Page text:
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Time-lapse monitoring of DNAPL in a controlled cellNormal access

Authors: L. Orlando and B. Renzi
Journal name: Near Surface Geophysics
Issue: Vol 11, No 2, April 2013 pp. 129 - 142
DOI: 10.3997/1873-0604.2013009
Special topic: Ground-Penetrating Radar
Language: English
Info: Article, PDF ( 6.07Mb )
Price: € 30

Summary:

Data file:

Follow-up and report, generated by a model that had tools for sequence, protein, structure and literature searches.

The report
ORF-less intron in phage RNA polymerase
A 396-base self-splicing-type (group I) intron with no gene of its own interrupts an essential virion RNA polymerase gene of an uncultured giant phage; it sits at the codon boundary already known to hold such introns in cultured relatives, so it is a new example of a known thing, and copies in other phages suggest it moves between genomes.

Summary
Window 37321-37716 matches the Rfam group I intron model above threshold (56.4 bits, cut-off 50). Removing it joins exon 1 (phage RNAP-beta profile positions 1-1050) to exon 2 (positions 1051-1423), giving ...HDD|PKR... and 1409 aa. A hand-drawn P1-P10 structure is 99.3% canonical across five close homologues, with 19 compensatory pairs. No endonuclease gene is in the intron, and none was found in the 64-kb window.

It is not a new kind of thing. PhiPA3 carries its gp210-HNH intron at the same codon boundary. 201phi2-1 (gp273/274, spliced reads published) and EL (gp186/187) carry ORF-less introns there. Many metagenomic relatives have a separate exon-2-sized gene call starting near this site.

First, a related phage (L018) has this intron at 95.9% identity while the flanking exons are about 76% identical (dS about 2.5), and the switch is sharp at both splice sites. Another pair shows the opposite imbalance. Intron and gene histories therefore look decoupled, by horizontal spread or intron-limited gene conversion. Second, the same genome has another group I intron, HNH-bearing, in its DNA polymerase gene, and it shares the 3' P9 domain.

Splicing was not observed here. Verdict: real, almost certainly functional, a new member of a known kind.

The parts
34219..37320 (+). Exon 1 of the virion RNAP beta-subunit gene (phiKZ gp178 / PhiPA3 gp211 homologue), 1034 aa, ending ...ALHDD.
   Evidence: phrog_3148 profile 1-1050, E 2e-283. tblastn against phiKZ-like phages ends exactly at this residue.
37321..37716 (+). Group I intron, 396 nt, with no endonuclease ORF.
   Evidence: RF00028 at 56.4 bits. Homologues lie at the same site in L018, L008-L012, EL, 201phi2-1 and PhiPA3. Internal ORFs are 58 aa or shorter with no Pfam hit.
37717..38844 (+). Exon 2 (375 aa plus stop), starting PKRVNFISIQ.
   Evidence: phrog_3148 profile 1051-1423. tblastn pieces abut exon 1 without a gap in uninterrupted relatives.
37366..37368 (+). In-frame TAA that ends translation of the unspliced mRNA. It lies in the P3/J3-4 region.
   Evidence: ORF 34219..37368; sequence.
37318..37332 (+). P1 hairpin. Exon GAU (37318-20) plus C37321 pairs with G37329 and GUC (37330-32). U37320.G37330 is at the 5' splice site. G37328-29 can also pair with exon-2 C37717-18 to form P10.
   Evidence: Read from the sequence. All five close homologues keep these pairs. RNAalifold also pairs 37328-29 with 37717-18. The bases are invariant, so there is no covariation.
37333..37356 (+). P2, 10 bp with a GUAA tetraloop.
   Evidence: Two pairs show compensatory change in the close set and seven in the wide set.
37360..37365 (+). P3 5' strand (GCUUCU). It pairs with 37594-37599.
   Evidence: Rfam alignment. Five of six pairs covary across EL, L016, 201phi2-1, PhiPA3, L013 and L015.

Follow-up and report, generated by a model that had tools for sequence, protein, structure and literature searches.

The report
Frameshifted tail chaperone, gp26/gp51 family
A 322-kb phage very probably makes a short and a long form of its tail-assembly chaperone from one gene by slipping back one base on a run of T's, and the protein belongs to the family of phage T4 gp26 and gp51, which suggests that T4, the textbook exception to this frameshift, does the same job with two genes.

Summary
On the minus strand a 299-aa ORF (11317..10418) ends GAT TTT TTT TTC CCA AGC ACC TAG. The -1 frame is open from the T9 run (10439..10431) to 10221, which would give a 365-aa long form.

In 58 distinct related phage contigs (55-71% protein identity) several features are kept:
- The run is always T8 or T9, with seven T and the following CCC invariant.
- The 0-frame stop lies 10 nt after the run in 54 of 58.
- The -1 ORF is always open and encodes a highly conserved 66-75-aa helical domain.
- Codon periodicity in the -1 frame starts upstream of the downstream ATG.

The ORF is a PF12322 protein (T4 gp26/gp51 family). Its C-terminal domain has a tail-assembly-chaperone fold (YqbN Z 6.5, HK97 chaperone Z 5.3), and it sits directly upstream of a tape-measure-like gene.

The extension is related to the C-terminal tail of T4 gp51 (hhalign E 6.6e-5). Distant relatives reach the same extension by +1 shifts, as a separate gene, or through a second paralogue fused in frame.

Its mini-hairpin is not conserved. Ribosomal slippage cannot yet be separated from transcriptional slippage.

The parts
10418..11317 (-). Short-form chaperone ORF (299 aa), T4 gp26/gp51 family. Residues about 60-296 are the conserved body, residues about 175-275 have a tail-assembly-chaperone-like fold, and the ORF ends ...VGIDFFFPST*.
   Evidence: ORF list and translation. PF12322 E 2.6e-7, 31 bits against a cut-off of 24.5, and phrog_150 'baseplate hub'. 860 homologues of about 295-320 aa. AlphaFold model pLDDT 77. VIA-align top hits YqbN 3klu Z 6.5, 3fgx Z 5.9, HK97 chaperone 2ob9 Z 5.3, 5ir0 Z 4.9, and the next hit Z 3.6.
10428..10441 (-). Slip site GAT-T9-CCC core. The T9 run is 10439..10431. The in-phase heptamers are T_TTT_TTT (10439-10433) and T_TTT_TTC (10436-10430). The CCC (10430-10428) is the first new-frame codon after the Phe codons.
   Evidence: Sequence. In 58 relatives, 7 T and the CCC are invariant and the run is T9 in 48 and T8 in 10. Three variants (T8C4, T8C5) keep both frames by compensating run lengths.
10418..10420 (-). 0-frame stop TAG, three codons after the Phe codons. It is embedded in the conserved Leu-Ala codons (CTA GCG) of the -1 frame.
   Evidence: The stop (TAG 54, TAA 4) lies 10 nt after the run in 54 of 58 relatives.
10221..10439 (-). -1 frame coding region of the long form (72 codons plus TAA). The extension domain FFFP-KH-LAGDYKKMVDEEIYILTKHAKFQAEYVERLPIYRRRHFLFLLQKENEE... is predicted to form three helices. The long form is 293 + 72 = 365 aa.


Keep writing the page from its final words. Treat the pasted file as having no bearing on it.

A multi-component GPR antenna is used to perform time-lapse measurements in a controlled experiment simulating DNAPL release. The DNAPL monitoring is based on the delay time of a reflection from the back side of a cell and on spectral analysis of traces. The study shows that co-polar and cross-polar antennas detect a similar pull-up of the reflection from the back of the cell induced by the DNAPL. The amplitude of the reflection from the DNAPL is weaker in the cross-polar data with respect to the co-polar data and in actual cases it could not be detected by both antenna configurations. In addition we observe a change in the amplitude spectra of the traces collected at the DNAPL release with respect to those collected in an uncontaminated area. The amplitude spectrum variations occurred mainly in the co-polar antennas. The spectra of cross-polar antennas show variations over time that are not easily linked to the DNAPL position. We observed that the data collected 141 hours after the first DNAPL injection and two hours of water flow, show a pull-up of the reflection from the back of the cell and variations in the amplitude spectra of the traces located at the same position as the DNAPL injection. This suggests that the DNAPL probably remained trapped by sediments and was not totally removed by the water flow. Forward models, simulating the experiment, confirmed that the DNAPL induces a pull-up of the reflection from the back of cell and showed that in a controlled experiment the DNAPL produces a reflection whose amplitude depends on the DNAPL saturation. In a real case the presence of small amounts of DNAPL can be at best barely visible because of induced small amplitude reflections. This is truer if no GPR data are available from before the DNAPL spill, so there is little chance that GPR responses can be positively attributed to DNAPL presence.


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